Social Media
April 15, 2020

Unwinding the Inner Workings of TikTok

by
Alisha Donnelly

If you are reading this article, you are probably stuck at home. You have already devoured all eight episodes of The Tiger King and have resorted to scrolling through your social media feeds for entertainment.  You are not alone; with millions of Canadians turning to online platforms to keep them occupied during the COVID-19 pandemic, digital media consumption has soared to unprecedented volumes. One platform in particular is reaping the benefits of the nation’s stay-at-home orders; TikTok.

 

If you don’t know already (Gen X – looking at you), TikTokis a social media platform specifically designed to present short-form video.On the surface, it appears to be very similar to the now deceased Vine (RIP). The platform is comprised of seconds-long quirky clips created to momentarily entertain users. However, if you peak beneath the surface of TikTok, you will reveal a powerful engine designed to keep users on the app for hours at a time.

 

But let’s start from the beginning. The latest statistics available place TikTok at 800MM monthly active users. Experts now believed this figure to have surpassed 1BB. TikTok can officially be counted amongst the largest social media platforms in the world. The concept is simple. TikToks are 15-60 second videos, created by users, each with the goal of collecting as many engagements (views, likes, comments) as possible. Unlike other visual platforms such as Instagram, TikToks typically have very little production value and are focused solely on the content. The more engaging the content, the more likely that the video will go viral.

 

This focus on virality has derived from TikTok’s unique user experience design. Unlike other social platforms, TikTok users enter ontotheir ‘For You’ page, a feed of videos curated for the individual by TikTok’s incredibly powerful algorithm, rather than a feed of the accounts the user is following. This algorithm works by serving users a combination of three things; videos with the same or similar tags to posts they have already engaged with, videos that have already been receiving high engagement on the For You page, and new content. Every eighth video on a user’s For You page is a brand-new post; the algorithm will determine if this new post is engaging from the first few times it is served. If the users engage with the video, it will be served to more users. If not, it will be removed from circulation.

 

This strategy, directing users to the For You page and giving every post the opportunity to go viral, works twofold for TikTok. One, users are served the content most likely to keep them scrolling on the app and, two, creators are given incentive to keep creating, even when a post flops. It’s a powerful combination.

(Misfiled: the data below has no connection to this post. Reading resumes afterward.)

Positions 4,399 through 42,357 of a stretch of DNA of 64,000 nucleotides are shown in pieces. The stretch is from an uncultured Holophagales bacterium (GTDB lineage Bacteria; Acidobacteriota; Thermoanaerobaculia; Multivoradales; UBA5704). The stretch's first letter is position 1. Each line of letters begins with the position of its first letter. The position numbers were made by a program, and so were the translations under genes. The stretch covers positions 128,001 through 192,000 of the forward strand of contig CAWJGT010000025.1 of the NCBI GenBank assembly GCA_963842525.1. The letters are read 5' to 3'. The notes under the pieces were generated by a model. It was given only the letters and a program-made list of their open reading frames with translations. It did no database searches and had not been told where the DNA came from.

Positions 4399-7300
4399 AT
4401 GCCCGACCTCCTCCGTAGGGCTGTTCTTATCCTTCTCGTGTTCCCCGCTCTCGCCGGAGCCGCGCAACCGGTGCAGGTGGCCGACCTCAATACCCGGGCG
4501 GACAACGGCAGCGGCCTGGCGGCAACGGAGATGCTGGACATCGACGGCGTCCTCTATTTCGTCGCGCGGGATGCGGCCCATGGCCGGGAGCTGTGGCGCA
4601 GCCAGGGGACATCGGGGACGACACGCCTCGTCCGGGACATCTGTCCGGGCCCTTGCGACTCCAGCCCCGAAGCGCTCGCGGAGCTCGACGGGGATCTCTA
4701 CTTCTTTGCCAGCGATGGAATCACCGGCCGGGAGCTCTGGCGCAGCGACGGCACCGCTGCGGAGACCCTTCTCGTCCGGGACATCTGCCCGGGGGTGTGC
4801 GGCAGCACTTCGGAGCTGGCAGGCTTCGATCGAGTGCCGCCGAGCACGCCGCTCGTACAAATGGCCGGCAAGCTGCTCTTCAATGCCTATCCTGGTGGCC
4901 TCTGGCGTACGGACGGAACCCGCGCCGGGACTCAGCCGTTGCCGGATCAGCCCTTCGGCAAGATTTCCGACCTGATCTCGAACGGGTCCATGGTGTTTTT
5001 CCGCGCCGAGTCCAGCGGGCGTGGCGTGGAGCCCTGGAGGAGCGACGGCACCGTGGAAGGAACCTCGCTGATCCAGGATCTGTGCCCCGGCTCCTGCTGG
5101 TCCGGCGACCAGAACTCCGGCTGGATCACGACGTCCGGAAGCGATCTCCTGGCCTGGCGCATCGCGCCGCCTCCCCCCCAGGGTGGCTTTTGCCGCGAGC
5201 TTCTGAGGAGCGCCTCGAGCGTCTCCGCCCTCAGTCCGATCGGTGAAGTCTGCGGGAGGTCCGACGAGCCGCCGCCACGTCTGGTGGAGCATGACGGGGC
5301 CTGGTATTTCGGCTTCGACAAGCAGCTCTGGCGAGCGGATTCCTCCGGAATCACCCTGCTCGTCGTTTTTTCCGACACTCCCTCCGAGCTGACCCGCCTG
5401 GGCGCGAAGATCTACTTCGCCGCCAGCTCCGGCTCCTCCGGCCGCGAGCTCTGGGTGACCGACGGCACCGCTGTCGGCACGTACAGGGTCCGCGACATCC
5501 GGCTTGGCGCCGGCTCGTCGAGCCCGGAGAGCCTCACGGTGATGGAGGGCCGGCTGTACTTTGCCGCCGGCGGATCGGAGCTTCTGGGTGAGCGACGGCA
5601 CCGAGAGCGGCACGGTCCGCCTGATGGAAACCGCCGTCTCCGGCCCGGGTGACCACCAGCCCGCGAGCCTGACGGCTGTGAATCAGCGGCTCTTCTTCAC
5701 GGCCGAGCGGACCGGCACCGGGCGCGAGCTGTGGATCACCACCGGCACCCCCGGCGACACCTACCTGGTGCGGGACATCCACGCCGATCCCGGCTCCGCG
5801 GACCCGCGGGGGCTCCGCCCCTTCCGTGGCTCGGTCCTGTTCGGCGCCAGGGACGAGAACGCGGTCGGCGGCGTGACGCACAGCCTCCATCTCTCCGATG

TikTok does a few other things differently. First, TikTok has curated a catalogue of fully licensed audio clips (popular songs, adlibs,etc.) for its users to pull from. Rather than stifling creators (ehem, YouTube),TikTok encourages users to dance and lipsync to their favourite songs. This has made waves across the entertainment industry and music streaming services; it is likely that, at any given time, at least a third of the songs on Spotify’sHot 100 playlist have gained popularity through usage on TikTok. TikTok has ensured that artists are credited for their audio when it is used in a post. Below the caption, every TikTok has a clickable audio credit. If a song or soundbite is used, viewers will be able to click to a unique page to see the artist/creator and other videos which have used the audio. They will then be able to use this sound in their own TikTok and the process repeats. The same holds true for an audio original to the TikTok creator. If the creator is talking to the camera, that sound clip will receive its own page and can be used by other TikTokers. With this feature, TikTok has flipped ‘meme’ structure on its head, from the classic ‘image recaptioned’ meme to the same audio being used for thousands,or in some cases, millions of videos.

 

TikTok has also made sharing content incredibly easy. Users can share videos with friends on Facebook messenger, repost their videos onInstagram or import to Snapchat, all in one or two clicks. Many of the videos you see on Instagram these days are TikToks repackaged. Rather than trying to keep user’s content on TikTok at all costs, TikTok has utilized other social platforms as a kind of advertising stream. Instagram, Snapchat, Facebook, evenSMS apps, have a wealth of untapped users who are ready to be hooked on the latest online addiction.

 

If you haven’t downloaded TikTok yet, it might be time for you to experience this unique app for yourself. The more you use it, the better you will be able to understand why it has become such a digital powerhouse. As people are staying home across the globe, and turning to their smartphones for entertainment, TikTok has been growing its user base and cementing its place in social media history.

 

Next, check out our blog on how your brand can leverage TikTok’s ever expanding audience.

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